More often than not, the wisest upstream choices are enabled by a timely combination of formal and informal interactions. Right at the start, convene disparate perspectives for rigorous and synchronized debate — a seemingly messy and difficult process that actually makes things easier in the long run. The answers to three major questions should determine whether an idea should be developed or not: (1) will customers want it? (2) can we produce it? and (3) will we be able to make money from it? If you are organizing this process, set up ways to bring the necessary people into one room — or, at least, on one long conference call — to talk through all these questions together. Bring different perspectives to the surface, have productive fights (substantive and candid debates), and come to the best answer. This is the only way to resolve the natural tensions between formal groups without forcing them to compromise. (As management thinkers dating back to Mary Parker Follett have noted, compromise is more likely to water down the result than get the best from conflicting ideas.) When they arrive at joint decisions, different functions feel mutually accountable for results, which inherently improves the chances for success in any process that requires handoffs and coordination later.
Of course, such conversations consume energy and time, which is why it’s important to focus them on the most important questions. It’s equally important to be clear about how the debate will be resolved, and how each function will abide by and apply the law and the spirit of the decision to future situations. You must deliberately develop informal skills to conduct in-depth and high-stakes conversations constructively, even across functional boundaries, and must reinforce those skills with formal decision-making and enforcement processes.
4. Motivate the right behaviors. Build incentives and practices, both formal and informal, that will support the right kinds of implementation when no one is watching. For example, make explicit changes to reinforce the abandonment of ideas that the group has killed. Truly innovative companies deliberately celebrate failure as well as success. Leaders in these companies ensure that informal communications, as well as formal incentives, support cohesion and focus as a source of pride: “Our company knows where it’s going, and we’re going there together.” These leaders also carefully plan for reallocating resources after killing an idea. The “funeral” for any failed project resembles a celebration rather than a somber mass. And the lessons from failed projects — including both technical breakthroughs and insights about the market — are applied in other projects.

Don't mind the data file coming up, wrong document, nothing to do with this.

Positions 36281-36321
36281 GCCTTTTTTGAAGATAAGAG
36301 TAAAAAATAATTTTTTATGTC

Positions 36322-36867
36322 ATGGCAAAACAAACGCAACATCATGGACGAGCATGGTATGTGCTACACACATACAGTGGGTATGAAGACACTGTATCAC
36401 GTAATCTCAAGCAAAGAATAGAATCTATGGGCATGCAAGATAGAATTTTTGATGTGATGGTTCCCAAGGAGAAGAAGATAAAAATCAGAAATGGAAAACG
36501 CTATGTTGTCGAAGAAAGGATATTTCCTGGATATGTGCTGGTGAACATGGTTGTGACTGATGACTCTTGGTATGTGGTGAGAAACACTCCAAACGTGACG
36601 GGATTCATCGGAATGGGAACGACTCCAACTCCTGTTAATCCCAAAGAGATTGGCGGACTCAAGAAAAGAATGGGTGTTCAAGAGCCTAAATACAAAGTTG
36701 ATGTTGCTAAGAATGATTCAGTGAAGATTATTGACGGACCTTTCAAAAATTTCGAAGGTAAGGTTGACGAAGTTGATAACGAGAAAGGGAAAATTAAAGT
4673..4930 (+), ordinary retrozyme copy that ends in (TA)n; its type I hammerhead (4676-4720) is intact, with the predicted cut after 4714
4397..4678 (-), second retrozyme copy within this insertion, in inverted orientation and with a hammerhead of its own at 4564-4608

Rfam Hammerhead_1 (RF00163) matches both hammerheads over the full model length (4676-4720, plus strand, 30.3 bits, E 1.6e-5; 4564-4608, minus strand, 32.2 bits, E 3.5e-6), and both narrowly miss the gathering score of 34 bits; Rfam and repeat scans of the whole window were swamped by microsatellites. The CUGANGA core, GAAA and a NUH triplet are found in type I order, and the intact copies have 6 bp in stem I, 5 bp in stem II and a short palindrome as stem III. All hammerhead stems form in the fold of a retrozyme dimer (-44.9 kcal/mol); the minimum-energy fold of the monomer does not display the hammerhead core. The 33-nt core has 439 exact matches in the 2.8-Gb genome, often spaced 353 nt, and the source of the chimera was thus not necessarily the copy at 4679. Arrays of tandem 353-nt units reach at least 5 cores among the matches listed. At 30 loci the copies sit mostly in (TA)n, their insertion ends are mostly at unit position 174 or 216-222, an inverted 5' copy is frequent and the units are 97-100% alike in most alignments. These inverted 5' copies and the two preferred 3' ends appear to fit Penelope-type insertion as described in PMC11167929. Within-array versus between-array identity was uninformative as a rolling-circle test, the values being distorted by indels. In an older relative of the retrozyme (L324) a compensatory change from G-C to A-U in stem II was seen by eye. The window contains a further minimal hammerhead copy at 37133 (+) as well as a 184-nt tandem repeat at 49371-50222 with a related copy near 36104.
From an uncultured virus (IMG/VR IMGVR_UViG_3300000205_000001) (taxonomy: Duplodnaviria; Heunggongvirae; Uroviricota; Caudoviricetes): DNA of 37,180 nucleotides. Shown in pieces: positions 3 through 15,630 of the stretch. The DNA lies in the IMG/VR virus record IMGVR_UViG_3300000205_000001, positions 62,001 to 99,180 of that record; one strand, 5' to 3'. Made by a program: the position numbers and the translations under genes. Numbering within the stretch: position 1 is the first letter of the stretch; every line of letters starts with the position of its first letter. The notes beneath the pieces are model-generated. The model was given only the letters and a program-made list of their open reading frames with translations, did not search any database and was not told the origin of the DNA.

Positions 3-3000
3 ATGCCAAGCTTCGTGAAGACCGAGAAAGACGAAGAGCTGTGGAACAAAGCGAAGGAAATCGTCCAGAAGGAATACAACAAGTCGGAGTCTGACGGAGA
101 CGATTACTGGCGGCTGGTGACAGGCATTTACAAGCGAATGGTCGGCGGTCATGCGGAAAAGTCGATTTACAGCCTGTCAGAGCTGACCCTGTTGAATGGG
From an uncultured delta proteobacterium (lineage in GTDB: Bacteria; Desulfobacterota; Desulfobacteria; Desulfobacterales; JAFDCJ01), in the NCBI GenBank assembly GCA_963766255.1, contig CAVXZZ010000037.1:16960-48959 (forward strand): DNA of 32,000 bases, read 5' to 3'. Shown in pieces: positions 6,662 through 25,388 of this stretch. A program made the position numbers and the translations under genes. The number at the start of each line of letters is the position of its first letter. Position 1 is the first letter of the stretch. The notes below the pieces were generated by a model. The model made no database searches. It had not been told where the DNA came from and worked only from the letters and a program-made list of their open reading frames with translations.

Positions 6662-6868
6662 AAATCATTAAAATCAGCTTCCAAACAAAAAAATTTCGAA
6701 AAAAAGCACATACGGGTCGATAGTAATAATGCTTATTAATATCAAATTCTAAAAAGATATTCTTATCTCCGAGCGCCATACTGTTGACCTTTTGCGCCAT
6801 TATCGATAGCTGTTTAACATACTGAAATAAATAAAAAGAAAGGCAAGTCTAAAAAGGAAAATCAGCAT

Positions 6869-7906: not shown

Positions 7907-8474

Innovation and the Bottom Line
Even in a recession, innovation should remain a priority. A Booz & Company study conducted jointly with the San Francisco Bay Area Council Economic Institute found that although companies in the area have cut costs, they continue to make key investments in R&D. This region is, of course, known for innovation; it hosts the corporate headquarters of many technology-based companies and attracts 43 percent of the venture-capital investments in the United States. But the study also suggested that innovative companies anywhere may be relatively well positioned in the current recession, at least compared to other companies. They have generally acted quickly to reduce costs and conserve cash, and they are already placing strategic bets on new technologies to create advantaged positions once recovery emerges.
In short, when innovation investment is productive, it can position a company for success in a variety of ways, not just in bringing new offerings to market. By carefully integrating the informal and formal organization along critical dimensions, all companies can yield more benefits from their existing innovation resources.